Focussing on Small Scale Dilemmas

Theory of the Dérive

Guide to Psychogeography de Paris

“In a dérive one or more persons during a certain period drop their relations, their work and leisure activities, and all their other usual motives for movement and action, and let themselves be drawn by the attractions of the terrain and the encounters they find there.” Guy Debord, 1958.

It’s Thursday and the first day of work for the week. I wake up and have two eggs and toast. I drive an hour to work on the freeway. I work for 8 hours. I drive an hour and a half on the freeway to get home and relax. It’s Friday and I do the exact same thing I did the previous day. This habit of patterned boredom has taken over what was once my freedom. I think I’m an individual because not another person has my job, but in reality I am no different than the one who is also waking up, having breakfast, commuting to work, and doing the same thing the next day.

“Transportations is only a means to an end.” David Jacobs, an official guide for san francisco commuters.

The theory of the dérive is an attempt to end this pattern of boredom that occurs throughout our day. This theory is possibly the most important piece of the Situationists International concepts because of it’s theory on how to live life. A person who will dérive through a city will be open to choosing the option they would not normally choose. Freely moving through the city according to what you feel is the right direction through intuition is the ideal way to have a more exciting life. This motion of free movement through the city allows for new iterations that an individual would not normally have.

A small scale example is walking a three block commute to school, one always walks on the side their apartment is on because it’s convenient. This creates a boring habit of only walking on one side and thus experiencing the same thing over and over. If the student were to dérive their way to school he or she would choose, possibly according to the red light to cross the street parallel to school, in order to walk on the opposite side of the street. Walking on the opposite side of the street, determined by the street lights and not a means to an end, creates an alternate world in which anything can happen, good or bad. Within this dérive the student has an opportunity for a chance encounter with somebody they normally wouldn’t run into on the walk to class and can make the day a little more interesting.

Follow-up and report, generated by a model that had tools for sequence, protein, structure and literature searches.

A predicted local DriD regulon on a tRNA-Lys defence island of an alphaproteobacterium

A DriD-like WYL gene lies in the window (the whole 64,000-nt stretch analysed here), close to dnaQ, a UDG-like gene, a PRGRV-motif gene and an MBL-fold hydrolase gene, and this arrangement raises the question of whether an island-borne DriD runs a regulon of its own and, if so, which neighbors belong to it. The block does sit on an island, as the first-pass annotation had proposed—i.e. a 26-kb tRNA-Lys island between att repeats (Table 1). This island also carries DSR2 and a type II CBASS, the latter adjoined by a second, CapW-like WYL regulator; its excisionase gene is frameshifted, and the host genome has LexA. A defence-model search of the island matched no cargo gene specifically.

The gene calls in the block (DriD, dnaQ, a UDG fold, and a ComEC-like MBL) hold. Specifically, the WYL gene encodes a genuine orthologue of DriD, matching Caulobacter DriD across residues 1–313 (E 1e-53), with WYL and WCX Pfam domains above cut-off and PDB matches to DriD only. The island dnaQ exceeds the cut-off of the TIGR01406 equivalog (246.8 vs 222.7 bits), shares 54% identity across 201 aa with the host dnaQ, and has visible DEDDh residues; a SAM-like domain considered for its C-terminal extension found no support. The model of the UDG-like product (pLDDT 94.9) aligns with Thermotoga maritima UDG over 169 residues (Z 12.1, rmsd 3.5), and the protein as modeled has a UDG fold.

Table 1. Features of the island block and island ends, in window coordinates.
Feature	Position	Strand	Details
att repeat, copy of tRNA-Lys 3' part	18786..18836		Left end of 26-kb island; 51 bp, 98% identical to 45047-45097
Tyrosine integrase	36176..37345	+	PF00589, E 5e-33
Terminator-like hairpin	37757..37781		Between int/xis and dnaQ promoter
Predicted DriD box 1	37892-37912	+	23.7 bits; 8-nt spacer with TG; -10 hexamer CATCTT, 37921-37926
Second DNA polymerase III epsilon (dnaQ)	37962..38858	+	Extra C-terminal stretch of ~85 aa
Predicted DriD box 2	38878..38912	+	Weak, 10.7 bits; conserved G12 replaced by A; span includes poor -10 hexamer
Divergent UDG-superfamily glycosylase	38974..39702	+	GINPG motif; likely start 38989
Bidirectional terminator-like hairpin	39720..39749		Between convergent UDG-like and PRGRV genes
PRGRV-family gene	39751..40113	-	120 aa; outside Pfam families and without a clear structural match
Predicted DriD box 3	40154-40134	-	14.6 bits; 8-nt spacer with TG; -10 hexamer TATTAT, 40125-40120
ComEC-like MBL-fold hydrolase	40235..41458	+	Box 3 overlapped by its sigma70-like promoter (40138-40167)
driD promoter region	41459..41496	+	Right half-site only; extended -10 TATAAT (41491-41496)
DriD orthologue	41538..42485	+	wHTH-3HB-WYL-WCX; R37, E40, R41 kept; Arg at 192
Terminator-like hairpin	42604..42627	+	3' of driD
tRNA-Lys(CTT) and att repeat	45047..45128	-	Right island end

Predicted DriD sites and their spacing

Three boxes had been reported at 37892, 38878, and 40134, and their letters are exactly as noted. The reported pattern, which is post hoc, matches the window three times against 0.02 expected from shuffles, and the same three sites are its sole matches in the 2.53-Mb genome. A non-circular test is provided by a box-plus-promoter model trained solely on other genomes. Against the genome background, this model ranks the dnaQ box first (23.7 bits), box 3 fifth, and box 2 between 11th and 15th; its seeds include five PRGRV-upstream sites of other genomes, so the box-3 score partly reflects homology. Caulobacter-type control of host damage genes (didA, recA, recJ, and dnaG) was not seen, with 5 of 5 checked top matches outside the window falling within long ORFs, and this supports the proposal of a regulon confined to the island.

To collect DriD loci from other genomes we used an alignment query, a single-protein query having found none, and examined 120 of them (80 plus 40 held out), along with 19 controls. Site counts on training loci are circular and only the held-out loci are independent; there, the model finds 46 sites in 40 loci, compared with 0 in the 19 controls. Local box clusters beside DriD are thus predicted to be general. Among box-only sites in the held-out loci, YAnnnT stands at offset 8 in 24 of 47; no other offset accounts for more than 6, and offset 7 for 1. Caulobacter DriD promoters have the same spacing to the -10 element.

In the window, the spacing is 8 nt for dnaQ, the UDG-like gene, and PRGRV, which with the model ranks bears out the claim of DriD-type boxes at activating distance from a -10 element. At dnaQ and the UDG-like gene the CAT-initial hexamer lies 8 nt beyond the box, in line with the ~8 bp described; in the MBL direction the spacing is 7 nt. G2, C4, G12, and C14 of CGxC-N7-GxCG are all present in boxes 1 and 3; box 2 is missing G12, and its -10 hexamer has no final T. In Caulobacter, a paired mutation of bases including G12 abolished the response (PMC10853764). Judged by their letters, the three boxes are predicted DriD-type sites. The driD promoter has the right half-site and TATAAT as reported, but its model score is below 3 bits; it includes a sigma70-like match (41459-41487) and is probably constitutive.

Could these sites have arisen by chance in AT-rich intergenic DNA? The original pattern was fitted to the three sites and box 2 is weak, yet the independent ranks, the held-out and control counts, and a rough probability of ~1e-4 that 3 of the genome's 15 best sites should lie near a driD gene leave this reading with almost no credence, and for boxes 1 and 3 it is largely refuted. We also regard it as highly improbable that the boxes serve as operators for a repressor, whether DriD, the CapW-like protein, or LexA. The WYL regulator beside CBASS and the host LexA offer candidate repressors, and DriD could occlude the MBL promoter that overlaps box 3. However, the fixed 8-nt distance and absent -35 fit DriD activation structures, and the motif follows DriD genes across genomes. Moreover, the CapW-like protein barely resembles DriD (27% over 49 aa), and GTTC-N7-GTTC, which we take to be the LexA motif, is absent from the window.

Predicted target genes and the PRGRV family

Which side of the street do you walk on?

Within Architecture and the building there have been several successful attempts at creating the dérive within the building, and for that I take great inspiration from. OMA has studied the dérive through their counterpart AMO research and implied it to several of their buildings. The architect has the opportunity to influence the way the visitor moves through the building through it’s circulation path. The program of the building dictates what kind of circulation path they can create. In the Dutch Embassy in Berlin by OMA they created a defined block form within the strong defined urban fabric giving it context. Because it’s a very private building, circulation was constricted due in part to safety. In the end they created a labyrinth circulation of different thresholds based on views and experiences. This singular pathway can be seen through an unfolded plan of the building in order to show the different thresholds one goes through a building.

An unfolded circulation plan of the Dutch Embassy in Berlin by OMA.

The other type of dérive that OMA experimented with was the maze typology. With the Seattle Public Library they had the opportunity to create a new standard for libraries and what they can offer the public. The idea was to create two different types of experience through blocks and open space. The blocks would set the open spaces apart and have a different experience in light, ceiling height, color, and program compared to the open spaces which were covered by the overall skin. To create movement between the two spaces OMA created a maze of escalators, elevators, stairways, and ramps to move the visitor around the building in different topological points within the building. Using these different forms of circulation scattered around the building, the visitor is given several options on how they can move within the building. This free feeling is fitting with the public program of the building encouraging public access, as opposed to the Dutch Embassy which is more constricting due to its private program.

Seattle Public Library blocks

As Architects we should also be able to design a larger scale urban network of different thresholds and activities/amenities for an array of people in order to further enable dérive. Creating a network, which entails a linear connection, with nodes of interests should excite the psychogeography in a person stroll. In addition to a clear linear network there should also be ghettos of community designed projects. These outside influences could lightly connect to the main infrastructure but only be visible by the wondering visitor or the insider who lives there. It’s important to have these individual neighborhoods in order to promote neighbor to neighbor interaction and create a more safe environment.

The Theory of Derive

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This entry was posted on October 23, 2012 by in Architecture, Situationists International.
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